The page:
CAPE TOWN, South Africa (AP) — An out-of-court settlement following months of negotiations between Oscar Pistorius' lawyers and representatives of the parents of his slain girlfriend could work against the Olympic athlete at his March murder trial, a legal expert said Thursday.
The two sides have been in ongoing talks since about August, a lawyer for Reeva Steenkamp's family told The Associated Press in email correspondence, and a settlement could involve Pistorius paying Steenkamp's family in the region of $275,000, according to media reports.
Steenkamp lawyer Dup de Bruyn first told The AP in August that the parties were negotiating, but both sides have declined to comment on the details, including the amount being considered, because of their sensitive nature.
"Discussions are ongoing and clearly one would like to reach a settlement," Pistorius lawyer Brian Webber said of nearly six months of talks. "It's fair to say the negotiations have been going on for some time."
Pistorius family spokeswoman Anneliese Burgess said in a statement to AP that "any dialogue between Oscar's lawyer and the Steenkamp family is a private matter and out of respect for Reeva's memory, we will not be commenting in any way on this."
The trial of the double amputee is due to start Mar. 3, when South Africa's one-time sporting hero will face charges of murder and illegal possession of ammunition, and also be indicted on two other charges relating to him allegedly shooting a gun recklessly in a public place on two separate occasions, prosecutors say.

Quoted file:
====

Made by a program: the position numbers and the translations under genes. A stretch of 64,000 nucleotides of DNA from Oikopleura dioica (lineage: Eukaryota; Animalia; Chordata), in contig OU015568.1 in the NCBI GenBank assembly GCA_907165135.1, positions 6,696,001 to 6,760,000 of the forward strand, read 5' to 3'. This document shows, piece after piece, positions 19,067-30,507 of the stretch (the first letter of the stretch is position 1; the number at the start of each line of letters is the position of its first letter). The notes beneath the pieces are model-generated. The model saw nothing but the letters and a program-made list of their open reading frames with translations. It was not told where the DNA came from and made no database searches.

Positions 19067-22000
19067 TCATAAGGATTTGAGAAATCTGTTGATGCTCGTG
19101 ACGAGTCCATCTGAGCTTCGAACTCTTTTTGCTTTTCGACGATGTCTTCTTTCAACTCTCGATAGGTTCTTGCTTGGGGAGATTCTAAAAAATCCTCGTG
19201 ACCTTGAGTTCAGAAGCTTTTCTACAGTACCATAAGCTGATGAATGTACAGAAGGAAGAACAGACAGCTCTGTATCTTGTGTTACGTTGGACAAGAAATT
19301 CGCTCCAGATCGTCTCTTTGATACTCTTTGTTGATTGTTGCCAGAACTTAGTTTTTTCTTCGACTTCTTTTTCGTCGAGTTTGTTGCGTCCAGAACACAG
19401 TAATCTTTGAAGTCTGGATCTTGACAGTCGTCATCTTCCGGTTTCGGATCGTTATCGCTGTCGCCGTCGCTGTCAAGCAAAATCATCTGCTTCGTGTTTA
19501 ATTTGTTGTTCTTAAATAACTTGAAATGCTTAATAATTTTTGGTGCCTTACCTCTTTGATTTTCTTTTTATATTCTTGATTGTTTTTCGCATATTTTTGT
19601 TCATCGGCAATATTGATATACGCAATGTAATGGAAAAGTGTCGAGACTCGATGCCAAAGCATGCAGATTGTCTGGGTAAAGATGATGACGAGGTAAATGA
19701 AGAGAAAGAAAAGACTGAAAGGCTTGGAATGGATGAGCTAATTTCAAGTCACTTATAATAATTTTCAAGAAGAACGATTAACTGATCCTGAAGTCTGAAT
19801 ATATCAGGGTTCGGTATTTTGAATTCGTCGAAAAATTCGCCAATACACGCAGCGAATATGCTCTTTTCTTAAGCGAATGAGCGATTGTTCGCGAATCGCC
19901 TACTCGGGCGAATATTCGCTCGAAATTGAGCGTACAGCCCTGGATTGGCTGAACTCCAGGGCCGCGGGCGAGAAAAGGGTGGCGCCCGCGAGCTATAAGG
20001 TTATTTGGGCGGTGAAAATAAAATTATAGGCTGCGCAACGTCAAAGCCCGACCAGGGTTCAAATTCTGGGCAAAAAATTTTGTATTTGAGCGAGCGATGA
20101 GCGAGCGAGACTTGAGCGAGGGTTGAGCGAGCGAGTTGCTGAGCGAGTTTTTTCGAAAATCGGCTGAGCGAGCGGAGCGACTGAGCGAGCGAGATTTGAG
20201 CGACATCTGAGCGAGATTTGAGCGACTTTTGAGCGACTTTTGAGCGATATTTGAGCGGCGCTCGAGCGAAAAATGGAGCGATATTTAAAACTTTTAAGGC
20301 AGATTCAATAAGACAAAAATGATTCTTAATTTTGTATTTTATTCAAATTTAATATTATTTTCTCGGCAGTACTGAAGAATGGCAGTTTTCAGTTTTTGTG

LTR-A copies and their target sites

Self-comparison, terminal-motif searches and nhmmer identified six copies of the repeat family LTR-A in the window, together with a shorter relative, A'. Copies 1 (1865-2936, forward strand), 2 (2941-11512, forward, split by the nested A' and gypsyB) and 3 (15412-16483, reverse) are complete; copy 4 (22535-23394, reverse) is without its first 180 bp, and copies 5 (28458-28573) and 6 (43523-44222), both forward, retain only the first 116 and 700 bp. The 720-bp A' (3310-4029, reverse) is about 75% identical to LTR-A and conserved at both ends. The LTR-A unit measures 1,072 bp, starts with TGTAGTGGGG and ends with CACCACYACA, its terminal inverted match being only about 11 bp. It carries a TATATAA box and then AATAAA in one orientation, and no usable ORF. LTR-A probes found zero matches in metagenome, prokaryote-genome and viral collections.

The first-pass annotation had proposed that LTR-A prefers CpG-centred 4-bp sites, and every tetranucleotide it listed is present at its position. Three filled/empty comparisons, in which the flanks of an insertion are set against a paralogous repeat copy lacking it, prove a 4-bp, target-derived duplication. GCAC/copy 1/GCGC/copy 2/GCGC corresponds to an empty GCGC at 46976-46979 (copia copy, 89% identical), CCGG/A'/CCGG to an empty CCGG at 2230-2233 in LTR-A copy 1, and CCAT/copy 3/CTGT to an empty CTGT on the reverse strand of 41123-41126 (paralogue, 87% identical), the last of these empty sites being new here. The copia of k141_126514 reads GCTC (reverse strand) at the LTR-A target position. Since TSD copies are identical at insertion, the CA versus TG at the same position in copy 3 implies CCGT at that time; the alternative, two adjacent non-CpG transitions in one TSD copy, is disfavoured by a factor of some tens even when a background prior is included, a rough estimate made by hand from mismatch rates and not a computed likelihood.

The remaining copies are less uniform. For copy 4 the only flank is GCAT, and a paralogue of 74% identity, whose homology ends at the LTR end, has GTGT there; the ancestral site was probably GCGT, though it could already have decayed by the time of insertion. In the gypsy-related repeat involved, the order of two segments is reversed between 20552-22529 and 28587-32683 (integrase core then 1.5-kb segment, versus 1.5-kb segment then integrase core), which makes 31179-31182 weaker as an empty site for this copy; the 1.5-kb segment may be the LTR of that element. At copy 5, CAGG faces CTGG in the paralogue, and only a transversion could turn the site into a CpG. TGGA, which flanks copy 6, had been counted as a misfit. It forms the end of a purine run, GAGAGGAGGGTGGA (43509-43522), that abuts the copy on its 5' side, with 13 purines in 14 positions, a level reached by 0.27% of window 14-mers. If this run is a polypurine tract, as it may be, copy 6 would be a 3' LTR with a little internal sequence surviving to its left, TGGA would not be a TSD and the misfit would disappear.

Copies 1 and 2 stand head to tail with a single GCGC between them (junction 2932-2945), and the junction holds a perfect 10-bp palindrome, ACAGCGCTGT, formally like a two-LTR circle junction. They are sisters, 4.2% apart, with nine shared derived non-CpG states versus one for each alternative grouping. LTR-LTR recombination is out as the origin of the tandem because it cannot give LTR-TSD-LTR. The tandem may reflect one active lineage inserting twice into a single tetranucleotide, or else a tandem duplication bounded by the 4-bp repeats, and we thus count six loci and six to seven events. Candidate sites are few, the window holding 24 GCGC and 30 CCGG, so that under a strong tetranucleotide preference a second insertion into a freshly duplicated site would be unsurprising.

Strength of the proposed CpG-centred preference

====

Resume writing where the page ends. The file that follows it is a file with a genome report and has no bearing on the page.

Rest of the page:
Pistorius killed Steenkamp at his Pretoria home on Feb. 14 and was charged with premeditated murder, which can carry a sentence of life imprisonment in South Africa with a minimum of 25 years before the chance of parole. He denies murder and says he shot Steenkamp with his licensed 9 mm handgun through a toilet cubicle door by mistake, fearing she was a dangerous nighttime intruder.
Any settlement before trial would help Steenkamp's parents, Barry and June, who relied on their daughter — a model and reality TV star — for financial help.
Pistorius could seek non-disclosure clauses in any settlement, law professor and practicing attorney Stephen Tuson said, as well as insist that the agreement is made "without prejudice" — meaning he does not admit any fault. However, any settlement might still be used for cross-examination of Pistorius by the prosecution if he testifies at his trial, Tuson said.